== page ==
Registration of DPS. Many consider the registration of data processing systems one of the hallmarks of older data protection regimes. In the EU, it is now considered a relic. When it was conceptualized, it was meant to nudge organizations into compliance. The idea was that compelling them to register (or “notify”) with regulators forces them take compliance seriously. After twenty years of tinkering with this idea, the EU found it too burdensome on the part of organizations and ultimately, ineffective. They wisely left it out of their new law: the GDPR. It turns out that a better motivator for compliance would be to require organizations to appoint a DPO. And that is exactly what they did.
Offenses. There are a number of talking points when dealing with the offenses under the DPA and how it treats them (i.e., as crimes). This is but one of them. The law gives the term, “processing” such a broad meaning that practically anything you do with personal data qualifies as processing. This could pose a problem when you criminalize the act (i.e., when done without proper authorization). Just take a look at the crimes listed under the law. There you will find the very generic act of processing, alongside specific acts like disclosure, access, and disposal, all of which would also be considered processing. Now try coming up with the elements of the crime of unauthorized processing—in a way that would distinguish it from the other specific types of processing. Do you see where the problem lies?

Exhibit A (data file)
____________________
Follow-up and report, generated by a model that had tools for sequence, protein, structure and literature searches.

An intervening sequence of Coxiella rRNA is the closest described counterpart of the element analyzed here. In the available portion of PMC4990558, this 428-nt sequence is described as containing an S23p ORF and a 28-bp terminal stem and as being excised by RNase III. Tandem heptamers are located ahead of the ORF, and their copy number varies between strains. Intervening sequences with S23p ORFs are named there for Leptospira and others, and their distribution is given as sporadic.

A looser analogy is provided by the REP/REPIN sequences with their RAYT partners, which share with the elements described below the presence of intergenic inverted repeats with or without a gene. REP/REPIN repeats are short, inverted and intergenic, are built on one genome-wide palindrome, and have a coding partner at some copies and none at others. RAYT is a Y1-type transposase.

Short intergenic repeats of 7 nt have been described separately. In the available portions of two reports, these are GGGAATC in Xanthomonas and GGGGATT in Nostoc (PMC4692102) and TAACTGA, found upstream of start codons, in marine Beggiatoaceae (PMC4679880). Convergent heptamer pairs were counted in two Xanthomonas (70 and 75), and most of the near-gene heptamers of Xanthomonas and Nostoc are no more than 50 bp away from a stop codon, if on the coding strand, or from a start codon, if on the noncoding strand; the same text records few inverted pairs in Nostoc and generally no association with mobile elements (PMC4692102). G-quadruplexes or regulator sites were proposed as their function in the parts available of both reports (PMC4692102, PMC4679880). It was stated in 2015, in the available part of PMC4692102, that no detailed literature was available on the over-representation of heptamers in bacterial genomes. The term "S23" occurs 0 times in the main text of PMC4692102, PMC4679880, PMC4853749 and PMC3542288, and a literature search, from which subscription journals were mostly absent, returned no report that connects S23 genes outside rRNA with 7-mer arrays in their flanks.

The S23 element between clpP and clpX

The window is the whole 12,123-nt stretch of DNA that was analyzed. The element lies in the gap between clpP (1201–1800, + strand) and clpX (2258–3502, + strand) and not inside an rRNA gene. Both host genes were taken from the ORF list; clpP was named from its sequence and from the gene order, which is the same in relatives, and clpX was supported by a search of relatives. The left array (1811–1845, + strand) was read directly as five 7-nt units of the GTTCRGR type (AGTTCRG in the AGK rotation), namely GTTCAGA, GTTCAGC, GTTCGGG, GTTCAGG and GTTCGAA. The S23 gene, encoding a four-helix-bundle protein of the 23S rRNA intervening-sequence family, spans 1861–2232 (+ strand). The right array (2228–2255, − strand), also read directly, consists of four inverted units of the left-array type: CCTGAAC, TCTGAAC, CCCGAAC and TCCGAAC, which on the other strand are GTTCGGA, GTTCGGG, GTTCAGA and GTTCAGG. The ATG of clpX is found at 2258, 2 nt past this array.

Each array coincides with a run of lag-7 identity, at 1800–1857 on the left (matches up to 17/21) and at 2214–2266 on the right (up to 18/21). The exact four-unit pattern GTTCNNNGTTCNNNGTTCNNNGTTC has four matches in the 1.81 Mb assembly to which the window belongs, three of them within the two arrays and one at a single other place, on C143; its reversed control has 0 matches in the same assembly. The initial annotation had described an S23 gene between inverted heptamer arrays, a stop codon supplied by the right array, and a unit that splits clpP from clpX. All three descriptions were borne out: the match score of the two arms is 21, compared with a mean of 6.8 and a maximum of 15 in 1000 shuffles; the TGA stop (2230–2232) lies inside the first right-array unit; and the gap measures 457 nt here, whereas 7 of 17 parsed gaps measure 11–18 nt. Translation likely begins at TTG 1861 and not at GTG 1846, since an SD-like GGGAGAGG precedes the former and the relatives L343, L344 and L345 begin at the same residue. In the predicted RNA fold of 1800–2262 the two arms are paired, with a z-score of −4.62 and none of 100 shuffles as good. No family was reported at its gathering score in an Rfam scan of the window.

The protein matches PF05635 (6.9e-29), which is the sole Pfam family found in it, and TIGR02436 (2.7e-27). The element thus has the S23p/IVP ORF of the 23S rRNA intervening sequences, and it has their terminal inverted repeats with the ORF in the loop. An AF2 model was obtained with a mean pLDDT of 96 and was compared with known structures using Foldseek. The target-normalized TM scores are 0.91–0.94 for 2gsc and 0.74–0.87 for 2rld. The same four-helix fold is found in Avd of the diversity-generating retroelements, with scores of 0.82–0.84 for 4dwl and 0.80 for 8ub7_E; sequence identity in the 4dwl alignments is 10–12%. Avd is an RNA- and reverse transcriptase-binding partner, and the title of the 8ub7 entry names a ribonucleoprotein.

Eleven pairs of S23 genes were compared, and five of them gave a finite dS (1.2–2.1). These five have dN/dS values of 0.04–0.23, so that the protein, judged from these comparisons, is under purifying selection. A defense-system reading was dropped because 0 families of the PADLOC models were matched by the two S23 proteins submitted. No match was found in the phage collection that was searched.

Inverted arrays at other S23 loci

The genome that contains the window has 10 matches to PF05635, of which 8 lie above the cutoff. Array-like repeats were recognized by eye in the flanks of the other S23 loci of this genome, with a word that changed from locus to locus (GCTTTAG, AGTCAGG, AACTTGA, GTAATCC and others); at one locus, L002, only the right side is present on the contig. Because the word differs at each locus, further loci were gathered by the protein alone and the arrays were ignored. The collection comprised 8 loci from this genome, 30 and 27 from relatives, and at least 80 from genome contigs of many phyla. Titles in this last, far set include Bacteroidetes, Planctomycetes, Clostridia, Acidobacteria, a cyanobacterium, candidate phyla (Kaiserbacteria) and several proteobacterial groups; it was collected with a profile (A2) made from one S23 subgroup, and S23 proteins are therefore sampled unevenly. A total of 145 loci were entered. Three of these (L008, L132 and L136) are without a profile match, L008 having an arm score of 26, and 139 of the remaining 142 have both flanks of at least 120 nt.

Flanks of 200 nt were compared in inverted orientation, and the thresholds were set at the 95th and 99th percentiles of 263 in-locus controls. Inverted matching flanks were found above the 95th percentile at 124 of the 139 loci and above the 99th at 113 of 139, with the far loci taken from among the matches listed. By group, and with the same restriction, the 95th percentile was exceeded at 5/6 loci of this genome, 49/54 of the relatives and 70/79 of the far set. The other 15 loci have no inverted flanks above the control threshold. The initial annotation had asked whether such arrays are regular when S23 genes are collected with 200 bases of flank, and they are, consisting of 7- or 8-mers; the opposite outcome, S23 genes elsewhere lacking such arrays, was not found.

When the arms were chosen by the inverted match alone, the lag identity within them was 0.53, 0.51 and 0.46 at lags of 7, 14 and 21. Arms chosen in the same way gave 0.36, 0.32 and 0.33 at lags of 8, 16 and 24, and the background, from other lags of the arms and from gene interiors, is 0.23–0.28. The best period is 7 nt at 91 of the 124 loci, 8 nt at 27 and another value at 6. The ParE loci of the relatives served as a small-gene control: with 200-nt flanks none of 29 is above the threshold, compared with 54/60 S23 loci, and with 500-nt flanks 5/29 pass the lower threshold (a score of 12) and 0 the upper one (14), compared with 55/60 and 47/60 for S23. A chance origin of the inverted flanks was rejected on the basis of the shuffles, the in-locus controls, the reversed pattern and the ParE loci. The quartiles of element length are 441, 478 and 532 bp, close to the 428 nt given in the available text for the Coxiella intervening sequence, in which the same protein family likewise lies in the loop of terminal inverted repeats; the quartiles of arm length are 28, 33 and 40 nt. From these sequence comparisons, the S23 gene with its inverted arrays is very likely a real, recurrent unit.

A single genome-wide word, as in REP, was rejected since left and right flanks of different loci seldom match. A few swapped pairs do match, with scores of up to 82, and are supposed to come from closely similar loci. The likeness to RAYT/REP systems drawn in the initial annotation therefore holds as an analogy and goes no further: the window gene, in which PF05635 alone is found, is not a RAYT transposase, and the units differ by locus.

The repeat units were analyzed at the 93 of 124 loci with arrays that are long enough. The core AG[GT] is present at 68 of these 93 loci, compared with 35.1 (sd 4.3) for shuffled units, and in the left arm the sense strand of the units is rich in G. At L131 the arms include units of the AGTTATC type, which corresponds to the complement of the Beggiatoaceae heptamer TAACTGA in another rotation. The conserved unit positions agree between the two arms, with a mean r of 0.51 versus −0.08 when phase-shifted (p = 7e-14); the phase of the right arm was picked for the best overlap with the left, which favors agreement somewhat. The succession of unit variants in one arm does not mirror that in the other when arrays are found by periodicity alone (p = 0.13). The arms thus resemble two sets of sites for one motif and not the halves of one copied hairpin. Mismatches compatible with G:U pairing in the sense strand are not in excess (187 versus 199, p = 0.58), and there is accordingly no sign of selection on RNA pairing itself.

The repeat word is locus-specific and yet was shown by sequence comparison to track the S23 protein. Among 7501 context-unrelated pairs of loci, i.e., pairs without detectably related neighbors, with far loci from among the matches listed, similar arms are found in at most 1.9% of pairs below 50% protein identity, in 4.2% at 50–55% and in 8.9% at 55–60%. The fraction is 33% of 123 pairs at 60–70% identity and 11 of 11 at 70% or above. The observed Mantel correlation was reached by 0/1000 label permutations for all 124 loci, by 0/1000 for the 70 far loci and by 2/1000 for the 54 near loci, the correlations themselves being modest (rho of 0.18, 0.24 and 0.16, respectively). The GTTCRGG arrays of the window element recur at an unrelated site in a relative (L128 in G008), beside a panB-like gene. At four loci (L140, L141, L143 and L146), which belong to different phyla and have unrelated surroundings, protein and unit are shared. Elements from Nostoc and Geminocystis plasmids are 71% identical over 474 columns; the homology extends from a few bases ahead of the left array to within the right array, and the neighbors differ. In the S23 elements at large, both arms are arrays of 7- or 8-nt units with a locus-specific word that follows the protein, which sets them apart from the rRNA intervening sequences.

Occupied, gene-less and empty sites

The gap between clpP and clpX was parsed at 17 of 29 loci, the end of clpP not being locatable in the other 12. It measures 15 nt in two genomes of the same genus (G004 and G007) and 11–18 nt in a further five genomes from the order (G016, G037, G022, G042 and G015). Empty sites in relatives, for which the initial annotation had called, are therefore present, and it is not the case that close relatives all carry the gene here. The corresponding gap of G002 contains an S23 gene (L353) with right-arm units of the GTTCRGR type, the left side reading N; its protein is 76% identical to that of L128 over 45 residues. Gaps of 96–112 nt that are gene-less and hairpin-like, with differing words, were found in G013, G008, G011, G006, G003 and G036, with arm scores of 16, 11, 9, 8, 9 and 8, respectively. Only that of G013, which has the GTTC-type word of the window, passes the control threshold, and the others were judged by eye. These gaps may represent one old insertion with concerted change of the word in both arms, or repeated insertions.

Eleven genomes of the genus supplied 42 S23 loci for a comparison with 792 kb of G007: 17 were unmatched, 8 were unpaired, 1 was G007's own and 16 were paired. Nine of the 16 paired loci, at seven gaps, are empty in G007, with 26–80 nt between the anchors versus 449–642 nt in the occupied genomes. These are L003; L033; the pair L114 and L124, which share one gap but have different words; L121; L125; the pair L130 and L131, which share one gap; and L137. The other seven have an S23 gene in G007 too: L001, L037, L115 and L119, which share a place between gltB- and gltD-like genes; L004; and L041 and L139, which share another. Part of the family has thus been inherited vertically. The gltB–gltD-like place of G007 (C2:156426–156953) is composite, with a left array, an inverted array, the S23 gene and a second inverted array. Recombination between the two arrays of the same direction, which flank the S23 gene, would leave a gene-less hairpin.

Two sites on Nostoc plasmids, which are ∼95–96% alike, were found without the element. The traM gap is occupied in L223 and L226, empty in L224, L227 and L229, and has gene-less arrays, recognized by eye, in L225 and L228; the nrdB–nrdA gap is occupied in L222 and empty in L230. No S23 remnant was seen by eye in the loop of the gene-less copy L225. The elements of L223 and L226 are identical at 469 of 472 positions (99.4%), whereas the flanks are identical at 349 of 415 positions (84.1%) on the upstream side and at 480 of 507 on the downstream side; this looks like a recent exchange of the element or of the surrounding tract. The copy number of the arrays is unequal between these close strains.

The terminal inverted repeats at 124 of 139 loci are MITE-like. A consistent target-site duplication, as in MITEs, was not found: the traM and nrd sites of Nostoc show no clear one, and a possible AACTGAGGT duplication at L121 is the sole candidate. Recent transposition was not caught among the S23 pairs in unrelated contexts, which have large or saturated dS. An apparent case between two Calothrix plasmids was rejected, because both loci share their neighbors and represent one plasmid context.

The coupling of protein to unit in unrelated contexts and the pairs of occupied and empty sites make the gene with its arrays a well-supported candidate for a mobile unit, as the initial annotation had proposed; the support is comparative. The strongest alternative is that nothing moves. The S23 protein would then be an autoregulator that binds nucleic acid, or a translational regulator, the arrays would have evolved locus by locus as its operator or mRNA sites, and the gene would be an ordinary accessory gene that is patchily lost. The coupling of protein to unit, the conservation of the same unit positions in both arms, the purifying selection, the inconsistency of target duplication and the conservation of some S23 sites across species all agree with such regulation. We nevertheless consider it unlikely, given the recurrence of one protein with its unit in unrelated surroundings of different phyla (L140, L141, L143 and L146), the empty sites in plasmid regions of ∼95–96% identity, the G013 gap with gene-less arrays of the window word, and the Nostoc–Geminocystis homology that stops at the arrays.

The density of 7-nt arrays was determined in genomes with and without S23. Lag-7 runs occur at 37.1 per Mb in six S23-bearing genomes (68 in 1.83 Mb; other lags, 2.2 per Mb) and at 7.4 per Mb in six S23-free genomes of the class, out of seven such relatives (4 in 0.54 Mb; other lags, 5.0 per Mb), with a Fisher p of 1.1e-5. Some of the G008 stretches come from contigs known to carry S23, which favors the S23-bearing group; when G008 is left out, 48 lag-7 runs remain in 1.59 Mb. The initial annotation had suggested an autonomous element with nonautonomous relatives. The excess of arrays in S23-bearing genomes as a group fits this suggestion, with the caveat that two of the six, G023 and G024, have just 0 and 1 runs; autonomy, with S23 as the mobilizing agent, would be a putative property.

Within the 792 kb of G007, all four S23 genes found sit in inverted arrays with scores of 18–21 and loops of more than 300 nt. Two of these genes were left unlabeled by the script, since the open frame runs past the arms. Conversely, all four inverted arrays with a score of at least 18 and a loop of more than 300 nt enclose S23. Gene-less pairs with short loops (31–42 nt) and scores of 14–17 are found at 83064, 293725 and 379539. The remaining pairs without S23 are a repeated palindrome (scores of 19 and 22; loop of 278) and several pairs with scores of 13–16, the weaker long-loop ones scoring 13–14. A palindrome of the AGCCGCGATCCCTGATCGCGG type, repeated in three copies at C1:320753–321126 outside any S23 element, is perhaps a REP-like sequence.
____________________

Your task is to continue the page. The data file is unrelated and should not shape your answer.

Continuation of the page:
The first portion of this article was meant to inspire hope. The point was to show how much things can still get better if we really set our minds to improving the DPA. This last exercise, on the other hand, was meant to allow a glimpse into the weaknesses of our data protection law—both in its current form and even after Congress manages to patch up some of its shortcomings.
From this point onwards, it’s up to all the stakeholders to collaborate and make sure the positive spin to the process comes out on top. After all, it’s far from a foregone conclusion. There is still a chance to cure many of the gaps, such as those pointed out in this space. Every person who truly cares about data privacy should take advantage of this opportunity and make his or her voice be heard on this matter.
This article first appeared on GMA News Online on February 18, 2020 8:09 pm.